4. mike from iowa

    What is there in the final analysis that you weren’t aware of before they essentially wasted more time and taxpayer dollars chewing the same cabbage over and over? Haven’t they plowed this same ground every damn year? Are they insane? Doesn’t the soil analysis read the exact same every season?

  5. It would be interesting if a non-partisan organization paid for a 1,000-respondent poll to not only get an idea of what the public understands about public education and its financing in South Dakota, but also to get a clear view of how strongly the public feels about education funding issues. I’ve never seen the teacher pay issue land on its feet when it comes to the legislature and the voting public. We’ve got an extraordinary percentage of the voting public who are old enough not to have kids in the public school system. Their primary concerns are more inward. Would they vote against anyone who raises taxes to improve teacher pay? It would be a good question to ask.

    I’ve noticed in these threads on the Blue Ribbon some objecting to a sales tax and advocating a tax overhaul to fix this problem. That would be a SDGOP wet dream come true for Democrats to jump back into that trap again. Democrats have died on that cross again and again since 1976, and it’s only become worse for public hatred of any kind of income tax. Anything you might think you’ve got going for Democrats from the worst scandals in state history will vanish instantly.

    Democrats, both elected Dems and high profile Dems, need to shut the f*#k up about tax reform. That is NOT on the table. Generations of Republican money have made that a toxic issue forever in South Dakota. It means instant political death not only for the dopes who propose it, but also for every other Democrat on the ballot. The Republicans are on the ropes for failing to fund local education, so don’t be quick to fix their problem for them.

    This is about politics, not good governance.

    If tax reform can ever become a topic for legitimate discussion in Pierre, the road must go through spending that fifth cent of the state sales tax. As long as that option exists, Republicans have a standby excuse to keep playing the games they’ve been playing on taxation and spending. Neither a state personal income tax nor a state corporate income tax will get an intelligent discussion as long as that fifth cent remains unspent.

    Let the Republicans propose the five cent state sales tax. Democrat legislators need to stand back and let the Republicans stay in the box they created with their own neglect. Don’t jump in there with them. You have not been allowed to run state government with a Democrat majority in the legislature and a Democrat as Governor.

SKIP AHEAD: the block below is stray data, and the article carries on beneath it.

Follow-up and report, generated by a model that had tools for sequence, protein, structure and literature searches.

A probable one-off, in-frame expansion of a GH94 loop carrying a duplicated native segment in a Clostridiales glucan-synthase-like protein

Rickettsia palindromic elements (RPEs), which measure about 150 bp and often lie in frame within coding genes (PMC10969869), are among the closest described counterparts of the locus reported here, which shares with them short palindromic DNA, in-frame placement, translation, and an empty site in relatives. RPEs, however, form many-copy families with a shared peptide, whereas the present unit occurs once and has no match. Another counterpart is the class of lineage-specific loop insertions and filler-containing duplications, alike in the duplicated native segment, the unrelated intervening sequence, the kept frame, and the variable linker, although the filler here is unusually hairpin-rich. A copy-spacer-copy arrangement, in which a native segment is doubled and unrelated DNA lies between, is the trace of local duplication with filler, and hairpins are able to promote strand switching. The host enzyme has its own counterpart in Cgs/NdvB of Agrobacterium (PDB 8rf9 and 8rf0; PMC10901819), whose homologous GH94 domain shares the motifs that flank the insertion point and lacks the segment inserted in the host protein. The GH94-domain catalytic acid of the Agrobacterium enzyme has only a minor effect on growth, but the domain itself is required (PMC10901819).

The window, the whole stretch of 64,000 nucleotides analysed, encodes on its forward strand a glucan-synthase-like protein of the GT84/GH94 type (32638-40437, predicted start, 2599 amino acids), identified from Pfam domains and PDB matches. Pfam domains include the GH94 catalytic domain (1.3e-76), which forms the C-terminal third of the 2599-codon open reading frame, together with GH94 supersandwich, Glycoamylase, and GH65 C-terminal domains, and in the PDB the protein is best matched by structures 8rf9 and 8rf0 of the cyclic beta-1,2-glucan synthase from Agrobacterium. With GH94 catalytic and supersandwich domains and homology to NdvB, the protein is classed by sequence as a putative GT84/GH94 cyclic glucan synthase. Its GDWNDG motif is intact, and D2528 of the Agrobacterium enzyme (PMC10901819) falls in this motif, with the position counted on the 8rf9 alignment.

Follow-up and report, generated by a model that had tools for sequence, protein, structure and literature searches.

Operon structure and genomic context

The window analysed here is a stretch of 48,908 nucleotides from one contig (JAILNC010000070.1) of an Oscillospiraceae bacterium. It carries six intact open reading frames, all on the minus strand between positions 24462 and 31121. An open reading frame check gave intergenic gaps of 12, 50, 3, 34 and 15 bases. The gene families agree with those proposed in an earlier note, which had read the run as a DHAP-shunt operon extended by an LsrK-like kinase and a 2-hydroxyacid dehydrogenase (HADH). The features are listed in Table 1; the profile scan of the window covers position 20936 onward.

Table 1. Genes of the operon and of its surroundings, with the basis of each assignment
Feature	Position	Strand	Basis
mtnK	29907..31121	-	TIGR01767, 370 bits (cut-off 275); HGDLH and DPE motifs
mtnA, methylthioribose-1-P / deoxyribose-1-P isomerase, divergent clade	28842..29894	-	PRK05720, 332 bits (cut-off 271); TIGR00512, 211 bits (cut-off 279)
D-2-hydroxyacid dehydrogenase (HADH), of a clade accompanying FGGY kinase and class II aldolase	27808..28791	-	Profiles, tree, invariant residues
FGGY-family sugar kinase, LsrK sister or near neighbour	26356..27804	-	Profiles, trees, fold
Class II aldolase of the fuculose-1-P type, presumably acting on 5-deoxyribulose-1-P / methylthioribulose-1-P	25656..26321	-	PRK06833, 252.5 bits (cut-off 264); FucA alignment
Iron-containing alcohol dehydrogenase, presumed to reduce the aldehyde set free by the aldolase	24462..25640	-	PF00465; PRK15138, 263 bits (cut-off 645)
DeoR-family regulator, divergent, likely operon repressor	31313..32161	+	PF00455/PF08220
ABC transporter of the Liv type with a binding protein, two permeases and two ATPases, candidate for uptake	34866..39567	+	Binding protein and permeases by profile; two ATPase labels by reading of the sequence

Those are the rules of the road for being successful in South Dakota statehouse politics.

  6. I share MIke’s sentiment that this panel didn’t really uncover evidence or offer a plan that we couldn’t have come up with a year ago… or ten years ago… or at any point in our 30-year reign as the worst-paying state in the nation. But at least they’ve written it down, and at least now we have a group of Republicans and Democrats signing off on it. The consensus nature of the 29 recommendations in this plan are a big deal. This isn’t like the bogus abortion task force report of 2005 where a minority found the ideological, anti-science conclusions of the majority so offensive that they filed their own report. We now have a bipartisan commission agreeing with what we’ve been telling the Legislature to do for years. Maybe that will have some heft during Session.

  7. 96, I’d welcome some polling data on the question you pose on the willingness of voters to cast out incumbents over this issue. Until I see such data, I’ll campaign on the issue. After I see such data, if it turns out the number who give a dang is smaller than I hope, I’ll still campaign on the issue to change their minds. :-D

  8. As for tax reform—dang, 96, I take your pessimism seriously. Is it really the case that the only way to get tax reform is to let the GOP drag us into a system so regressive and ineffective that it finally breaks the public?

  9. Keep on keepin’ on, Cory! Educating and motivating the public on education funding issues is critical to the state’s future economic relevance. People have been fed lies for so long about all facets of education in South Dakota, no wonder the university system is run by shady people. And no wonder people in South Dakota are incapable of having a sensible discussion on taxation and what constitutes a balanced and fair tax system.

    Change is incremental and requires diligence and patience. Thankfully, there are venues like your blog where people can get a much more truthful and clear picture of how their government works.

  10. Maybe if Jackley would stop getting South Dakota into these expensive lawsuits that he always looses, we could use those monies for teachers.

  11. Disgusted Dakotan

    Maybe what voters need is a point of reference?

    What is the salary of our Highway Patrol? County Sheriff’s? Median income for SD? Etc?

  12. Disgusted Dakotan

    SD had two huge tax increases AND a large increase in vehicle registration fees this last session. Because the establishment “Republicans” voted for it with Democrats, it barely made a side note in the media.

    These same RINOs will campaign and defeat your (D’s) by claiming they will be the ones that increase taxes, increase government, and increase spending. Democrats are silent on this when they should be reversing the tables on these big government loving “Republicans” and outing them for what they are.